WO2017049184A1 - Noise cancelling heart monitor - Google Patents

Noise cancelling heart monitor Download PDF

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Publication number
WO2017049184A1
WO2017049184A1 PCT/US2016/052283 US2016052283W WO2017049184A1 WO 2017049184 A1 WO2017049184 A1 WO 2017049184A1 US 2016052283 W US2016052283 W US 2016052283W WO 2017049184 A1 WO2017049184 A1 WO 2017049184A1
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WO
Grant status
Application
Patent type
Prior art keywords
power line
signal
ecg
heart monitor
noise cancelling
Prior art date
Application number
PCT/US2016/052283
Other languages
French (fr)
Inventor
Frank G. Cooper
Eric J. Hoffman
Mark N. GRIGORAKI
Original Assignee
Celf Techonologies Inc.
Priority date (The priority date is an assumption and is not a legal conclusion. Google has not performed a legal analysis and makes no representation as to the accuracy of the date listed.)
Filing date
Publication date

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Classifications

    • AHUMAN NECESSITIES
    • A61MEDICAL OR VETERINARY SCIENCE; HYGIENE
    • A61BDIAGNOSIS; SURGERY; IDENTIFICATION
    • A61B5/00Detecting, measuring or recording for diagnostic purposes; Identification of persons
    • A61B5/04Detecting, measuring or recording bioelectric signals of the body or parts thereof
    • A61B5/0402Electrocardiography, i.e. ECG
    • A61B5/0452Detecting specific parameters of the electrocardiograph cycle
    • AHUMAN NECESSITIES
    • A61MEDICAL OR VETERINARY SCIENCE; HYGIENE
    • A61BDIAGNOSIS; SURGERY; IDENTIFICATION
    • A61B5/00Detecting, measuring or recording for diagnostic purposes; Identification of persons
    • A61B5/72Signal processing specially adapted for physiological signals or for diagnostic purposes
    • A61B5/7203Signal processing specially adapted for physiological signals or for diagnostic purposes for noise prevention, reduction or removal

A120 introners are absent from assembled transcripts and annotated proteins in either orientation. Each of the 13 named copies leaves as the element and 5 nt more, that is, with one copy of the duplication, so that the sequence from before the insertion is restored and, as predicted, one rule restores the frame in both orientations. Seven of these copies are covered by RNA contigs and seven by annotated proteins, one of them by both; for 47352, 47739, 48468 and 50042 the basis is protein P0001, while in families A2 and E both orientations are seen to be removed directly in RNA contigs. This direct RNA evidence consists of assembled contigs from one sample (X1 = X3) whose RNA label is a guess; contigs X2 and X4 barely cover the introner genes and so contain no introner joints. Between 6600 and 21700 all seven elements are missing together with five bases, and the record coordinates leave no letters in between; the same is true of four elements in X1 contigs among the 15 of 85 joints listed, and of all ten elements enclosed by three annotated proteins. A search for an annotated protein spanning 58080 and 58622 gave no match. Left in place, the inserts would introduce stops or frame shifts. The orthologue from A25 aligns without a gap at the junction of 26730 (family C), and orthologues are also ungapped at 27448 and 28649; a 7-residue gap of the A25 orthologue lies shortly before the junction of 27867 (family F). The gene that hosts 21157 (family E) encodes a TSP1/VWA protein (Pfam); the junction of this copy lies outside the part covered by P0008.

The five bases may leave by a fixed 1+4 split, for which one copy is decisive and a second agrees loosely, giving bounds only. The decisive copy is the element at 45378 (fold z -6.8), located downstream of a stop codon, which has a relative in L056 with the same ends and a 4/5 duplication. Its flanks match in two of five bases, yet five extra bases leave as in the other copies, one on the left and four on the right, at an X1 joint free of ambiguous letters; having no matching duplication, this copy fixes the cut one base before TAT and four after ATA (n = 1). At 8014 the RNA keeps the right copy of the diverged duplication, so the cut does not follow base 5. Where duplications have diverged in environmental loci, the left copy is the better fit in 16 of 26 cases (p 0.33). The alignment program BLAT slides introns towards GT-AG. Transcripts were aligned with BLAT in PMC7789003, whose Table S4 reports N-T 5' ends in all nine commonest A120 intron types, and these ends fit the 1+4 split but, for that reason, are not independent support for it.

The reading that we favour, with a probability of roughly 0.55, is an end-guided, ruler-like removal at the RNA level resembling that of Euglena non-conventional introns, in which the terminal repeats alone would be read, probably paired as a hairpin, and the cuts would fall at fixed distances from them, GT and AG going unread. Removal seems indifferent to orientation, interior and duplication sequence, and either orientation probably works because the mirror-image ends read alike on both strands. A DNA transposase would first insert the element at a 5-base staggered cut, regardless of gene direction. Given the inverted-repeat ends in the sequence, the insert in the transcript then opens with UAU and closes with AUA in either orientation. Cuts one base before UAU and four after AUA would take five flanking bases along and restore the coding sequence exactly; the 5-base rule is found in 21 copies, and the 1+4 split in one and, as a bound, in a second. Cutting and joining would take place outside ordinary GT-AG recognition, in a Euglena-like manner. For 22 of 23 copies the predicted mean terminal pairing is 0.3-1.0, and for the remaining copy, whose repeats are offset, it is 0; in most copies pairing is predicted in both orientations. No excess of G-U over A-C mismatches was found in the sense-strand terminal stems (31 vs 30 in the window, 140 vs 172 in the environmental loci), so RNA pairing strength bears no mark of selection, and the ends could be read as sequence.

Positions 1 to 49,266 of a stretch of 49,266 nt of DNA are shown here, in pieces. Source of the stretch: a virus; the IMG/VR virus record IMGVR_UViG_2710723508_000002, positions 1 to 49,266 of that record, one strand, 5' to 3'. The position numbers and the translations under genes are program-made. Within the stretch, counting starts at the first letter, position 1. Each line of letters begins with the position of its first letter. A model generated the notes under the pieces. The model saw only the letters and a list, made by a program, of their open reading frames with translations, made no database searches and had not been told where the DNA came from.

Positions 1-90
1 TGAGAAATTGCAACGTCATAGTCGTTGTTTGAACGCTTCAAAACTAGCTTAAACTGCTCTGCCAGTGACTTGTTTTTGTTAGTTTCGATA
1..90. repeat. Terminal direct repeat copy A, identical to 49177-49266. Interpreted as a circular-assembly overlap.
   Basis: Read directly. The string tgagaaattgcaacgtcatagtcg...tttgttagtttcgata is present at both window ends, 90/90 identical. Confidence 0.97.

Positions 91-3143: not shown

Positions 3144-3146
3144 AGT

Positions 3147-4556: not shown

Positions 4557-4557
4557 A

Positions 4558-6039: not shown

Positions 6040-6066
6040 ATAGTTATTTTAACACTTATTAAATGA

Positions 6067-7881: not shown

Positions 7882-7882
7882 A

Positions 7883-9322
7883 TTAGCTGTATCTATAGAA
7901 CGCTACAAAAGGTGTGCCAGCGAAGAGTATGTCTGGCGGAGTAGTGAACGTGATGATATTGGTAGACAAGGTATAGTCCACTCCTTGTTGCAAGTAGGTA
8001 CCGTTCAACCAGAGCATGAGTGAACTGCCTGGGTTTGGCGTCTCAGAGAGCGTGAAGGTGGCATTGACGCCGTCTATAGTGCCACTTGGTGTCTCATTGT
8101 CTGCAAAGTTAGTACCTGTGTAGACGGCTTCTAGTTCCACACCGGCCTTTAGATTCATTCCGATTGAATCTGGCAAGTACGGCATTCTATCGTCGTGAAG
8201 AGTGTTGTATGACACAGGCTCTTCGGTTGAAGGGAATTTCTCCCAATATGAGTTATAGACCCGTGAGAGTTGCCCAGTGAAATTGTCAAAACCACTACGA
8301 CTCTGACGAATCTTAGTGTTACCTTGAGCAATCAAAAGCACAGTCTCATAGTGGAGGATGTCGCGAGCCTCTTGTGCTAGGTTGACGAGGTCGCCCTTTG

• A61B5/7217Signal processing specially adapted for physiological signals or for diagnostic purposes for noise prevention, reduction or removal of noise originating from a therapeutic or surgical apparatus, e.g. from a pacemaker
    • GPHYSICS
    • G06COMPUTING; CALCULATING; COUNTING
    • G06FELECTRIC DIGITAL DATA PROCESSING
    • G06F19/00Digital computing or data processing equipment or methods, specially adapted for specific applications
    • GPHYSICS
    • G16INFORMATION AND COMMUNICATION TECHNOLOGY [ICT] SPECIALLY ADAPTED FOR SPECIFIC APPLICATION FIELDS
    • G16HHEALTHCARE INFORMATICS, i.e. INFORMATION AND COMMUNICATION TECHNOLOGY [ICT] SPECIALLY ADAPTED FOR THE HANDLING OR PROCESSING OF MEDICAL OR HEALTHCARE DATA
    • G16H40/00ICT specially adapted for the management or administration of healthcare resources or facilities; ICT specially adapted for the management or operation of medical equipment or devices
    • G16H40/60ICT specially adapted for the management or administration of healthcare resources or facilities; ICT specially adapted for the management or operation of medical equipment or devices for the operation of medical equipment or devices
    • G16H40/63ICT specially adapted for the management or administration of healthcare resources or facilities; ICT specially adapted for the management or operation of medical equipment or devices for the operation of medical equipment or devices for local operation

Abstract

Systems, methods, and devices are generally describe which may realize high bandwidth (fidelity) in a low level (1mV) ECG waveform throughput (in the range of 0.05 to 150Hz), while phase locking to, and cancelling, a local power line (typically 1500mV). The local power line may reside within the desired bandwidth which may be 47-63Hz beyond the common mode rejection capabilities of the classic ECG differential amplifier front end. The amplitude of the cancellation signal may be variable to accommodate differences in the power line signal.

Description

NOISE CANCELLING HEART MONITOR

CROSS-REFERENCE TO RELATED APPLICATION

This application claims priority to U.S. Provisional Application No. 62/219,966 filed on September 17, 2015. The U.S. Application is hereby incorporated herein by reference in its entirety.

BACKGROUND OF INVENTION:

The electrophysiology of the human heart is known and has been studied and quantified dating back to the early 1900s. The pacing node ("SA"), initiates the electrical activity in the atria causing the atria to contract. At the same time, SA excites the second dominant node ("AV") through the bundle of His (a nerve connection) to contract the lower ventricles.

Thereafter repolarization occurs and the heart is readied for its next beat cycle.